Next SFF Author: Ben Aaronovitch

Author: Jesse Hudson


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Black Amazon of Mars: Exceeds its inspiration

Black Amazon of Mars by Leigh Brackett

While credit is certainly due to the originator of an idea, iterations which better the original are likewise deserving of recognition, and in some cases, perhaps more. Edgar Rice Burroughs gets a lot of attention for pioneering the Martian hero story, as does Robert E. Howard for Conan, the barbarian with honor in a strange land of beasts and magic. But they may not be the writers who best presented the ideas. Leigh Brackett’s hyper-masculine hero Eric John Stark — similar in name to John Carter — features in some of her SEA KINGS OF MARS stories.


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The Best of Arthur C. Clarke: 1937-1971: A dated collection

The Best of Arthur C. Clarke: 1937-1971 by Arthur C. Clarke

Arthur C. Clarke’s first short story appeared 15 years before his first novel, and much of his oeuvre is to be found in short fiction. In fact, despite the success of his novels — Childhood’s EndRendezvous with Rama, and The City and the Stars among them — Clarke produced as much short fiction in the middle and end of his career as the beginning.


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The Skinner: Survival of the fittest

The Skinner by Neal Asher

Neal Asher’s 2002 The Skinner follows closely on the heels of Gridlinked’s success and is the first in a sub-series of the POLITY called SPATTERJAY. The novel is part horror, part fantasy, part science fiction, and its main character may be the water world Spatterjay itself, filled with vividly imaginative, exotic (and hungry) forms of indigenous life. The Skinner, Asher’s second published novel, improves upon the first and gives lovers of action/adventure sci-fi hope that a new voice is emerging.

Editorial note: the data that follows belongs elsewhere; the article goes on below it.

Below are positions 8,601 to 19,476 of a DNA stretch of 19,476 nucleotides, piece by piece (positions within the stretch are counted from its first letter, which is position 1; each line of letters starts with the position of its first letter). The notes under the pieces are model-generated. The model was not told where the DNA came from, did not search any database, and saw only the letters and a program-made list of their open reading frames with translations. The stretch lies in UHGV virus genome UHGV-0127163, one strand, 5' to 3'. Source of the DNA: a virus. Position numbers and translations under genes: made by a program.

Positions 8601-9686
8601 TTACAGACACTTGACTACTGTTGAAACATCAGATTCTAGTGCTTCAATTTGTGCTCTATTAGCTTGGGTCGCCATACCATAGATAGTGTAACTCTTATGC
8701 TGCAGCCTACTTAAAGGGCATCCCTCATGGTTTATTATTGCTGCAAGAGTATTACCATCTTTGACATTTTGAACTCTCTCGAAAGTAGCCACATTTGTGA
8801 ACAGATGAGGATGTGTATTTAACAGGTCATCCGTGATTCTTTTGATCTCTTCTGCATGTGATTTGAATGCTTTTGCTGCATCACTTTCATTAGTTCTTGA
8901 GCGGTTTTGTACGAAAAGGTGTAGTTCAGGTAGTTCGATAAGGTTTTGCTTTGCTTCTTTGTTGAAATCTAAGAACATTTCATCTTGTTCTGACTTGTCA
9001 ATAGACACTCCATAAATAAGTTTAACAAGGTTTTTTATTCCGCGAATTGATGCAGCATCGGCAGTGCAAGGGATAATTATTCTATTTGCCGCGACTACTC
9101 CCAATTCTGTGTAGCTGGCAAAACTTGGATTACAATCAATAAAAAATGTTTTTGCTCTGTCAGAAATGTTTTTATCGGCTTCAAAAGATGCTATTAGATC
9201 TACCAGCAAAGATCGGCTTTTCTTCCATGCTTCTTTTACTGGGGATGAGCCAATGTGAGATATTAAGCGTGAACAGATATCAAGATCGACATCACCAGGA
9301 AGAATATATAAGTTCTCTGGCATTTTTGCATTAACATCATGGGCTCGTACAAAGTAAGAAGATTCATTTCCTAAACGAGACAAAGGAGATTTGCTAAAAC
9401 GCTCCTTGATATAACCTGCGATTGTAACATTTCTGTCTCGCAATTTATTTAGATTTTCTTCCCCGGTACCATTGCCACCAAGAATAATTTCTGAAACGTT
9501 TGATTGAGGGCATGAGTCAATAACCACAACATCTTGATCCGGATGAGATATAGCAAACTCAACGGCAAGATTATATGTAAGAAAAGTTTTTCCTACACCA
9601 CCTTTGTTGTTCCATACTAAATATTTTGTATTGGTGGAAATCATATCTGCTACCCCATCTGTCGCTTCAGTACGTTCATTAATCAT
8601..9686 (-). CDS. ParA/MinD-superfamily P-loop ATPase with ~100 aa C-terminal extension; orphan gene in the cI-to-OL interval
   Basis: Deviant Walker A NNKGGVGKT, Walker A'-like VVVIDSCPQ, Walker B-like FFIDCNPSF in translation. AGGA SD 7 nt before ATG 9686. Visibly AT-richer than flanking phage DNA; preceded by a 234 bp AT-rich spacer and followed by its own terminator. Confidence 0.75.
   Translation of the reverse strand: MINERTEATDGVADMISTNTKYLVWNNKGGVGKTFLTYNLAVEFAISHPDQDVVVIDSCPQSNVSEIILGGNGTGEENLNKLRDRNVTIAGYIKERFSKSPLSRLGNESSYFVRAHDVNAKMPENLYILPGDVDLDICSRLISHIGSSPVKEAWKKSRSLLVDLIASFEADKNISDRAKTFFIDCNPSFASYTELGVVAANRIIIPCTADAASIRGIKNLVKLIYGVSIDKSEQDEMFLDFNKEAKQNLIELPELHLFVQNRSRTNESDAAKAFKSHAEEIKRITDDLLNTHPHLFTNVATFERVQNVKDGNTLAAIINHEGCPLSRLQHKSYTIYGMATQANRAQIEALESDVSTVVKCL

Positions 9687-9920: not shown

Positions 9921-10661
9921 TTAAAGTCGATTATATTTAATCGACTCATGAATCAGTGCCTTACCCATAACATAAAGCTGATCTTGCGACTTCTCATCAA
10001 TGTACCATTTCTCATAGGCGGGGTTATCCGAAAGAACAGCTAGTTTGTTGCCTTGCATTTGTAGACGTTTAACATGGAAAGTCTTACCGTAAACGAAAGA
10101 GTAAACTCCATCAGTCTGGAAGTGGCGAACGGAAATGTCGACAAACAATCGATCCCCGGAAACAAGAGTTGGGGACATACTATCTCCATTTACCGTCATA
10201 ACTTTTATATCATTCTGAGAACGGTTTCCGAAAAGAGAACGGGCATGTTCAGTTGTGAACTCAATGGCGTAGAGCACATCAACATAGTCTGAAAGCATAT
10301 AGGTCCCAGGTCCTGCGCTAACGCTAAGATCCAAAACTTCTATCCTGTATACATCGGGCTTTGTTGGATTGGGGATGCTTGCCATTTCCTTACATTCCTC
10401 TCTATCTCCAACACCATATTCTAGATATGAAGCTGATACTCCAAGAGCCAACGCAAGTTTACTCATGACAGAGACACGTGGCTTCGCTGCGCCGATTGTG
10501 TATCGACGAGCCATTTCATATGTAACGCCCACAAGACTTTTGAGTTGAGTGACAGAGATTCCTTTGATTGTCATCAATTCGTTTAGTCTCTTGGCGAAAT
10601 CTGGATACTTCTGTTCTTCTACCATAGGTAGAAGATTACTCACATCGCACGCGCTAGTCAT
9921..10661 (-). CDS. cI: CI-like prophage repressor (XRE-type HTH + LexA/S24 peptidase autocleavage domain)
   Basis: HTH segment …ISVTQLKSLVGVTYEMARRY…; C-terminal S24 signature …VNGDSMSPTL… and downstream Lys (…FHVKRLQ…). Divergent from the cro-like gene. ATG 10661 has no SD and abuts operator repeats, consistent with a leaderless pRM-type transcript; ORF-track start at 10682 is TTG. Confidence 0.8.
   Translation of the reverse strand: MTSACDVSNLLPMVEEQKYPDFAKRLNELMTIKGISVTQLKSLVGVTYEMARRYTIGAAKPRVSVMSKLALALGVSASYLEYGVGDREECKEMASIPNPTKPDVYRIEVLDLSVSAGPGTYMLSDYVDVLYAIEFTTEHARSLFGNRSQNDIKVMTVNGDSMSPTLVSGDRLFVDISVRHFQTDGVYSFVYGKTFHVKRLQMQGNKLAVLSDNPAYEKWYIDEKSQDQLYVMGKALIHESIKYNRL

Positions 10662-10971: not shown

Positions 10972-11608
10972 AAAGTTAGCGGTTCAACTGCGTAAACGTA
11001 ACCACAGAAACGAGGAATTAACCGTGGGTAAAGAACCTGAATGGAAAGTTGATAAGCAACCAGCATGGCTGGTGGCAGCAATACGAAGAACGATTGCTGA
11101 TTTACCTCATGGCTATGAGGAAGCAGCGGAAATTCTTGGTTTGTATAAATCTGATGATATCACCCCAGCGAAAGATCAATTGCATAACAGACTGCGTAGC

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The Atrocity Exhibition: Fascinating, disturbing, and informative

The Atrocity Exhibition by J.G. Ballard

Pablo Picasso had his “blue period,” Max Ernst his “American years,” and Georgia O’Keeffe her later “door-in-adobe” phase. For J.G. Ballard, the early part of his career could be called his “psychological catastrophe years.” Using environmental disaster as a doorway to viewing minds under duress, novels like The Drowned World, The Drought, and The Crystal World unpacked the underlying subject matter.


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The Drought: A solid novel, but not among his greats

The Drought by J.G. Ballard

Fully believing that “the catastrophe story, whoever may tell it, represents a constructive and positive act by the imagination rather than a negative one, and an attempt to confront a patently meaningless universe by challenging it at its own game,J.G. Ballard set about writing his third of four disaster novels. The first featuring a world inundated with water, for the third he went the opposite direction: drought. The Burned World (1964) its apposite title, human reaction to extreme environmental conditions is once again the subject under examination.


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Old Venus: An over-long, narrowly-themed anthology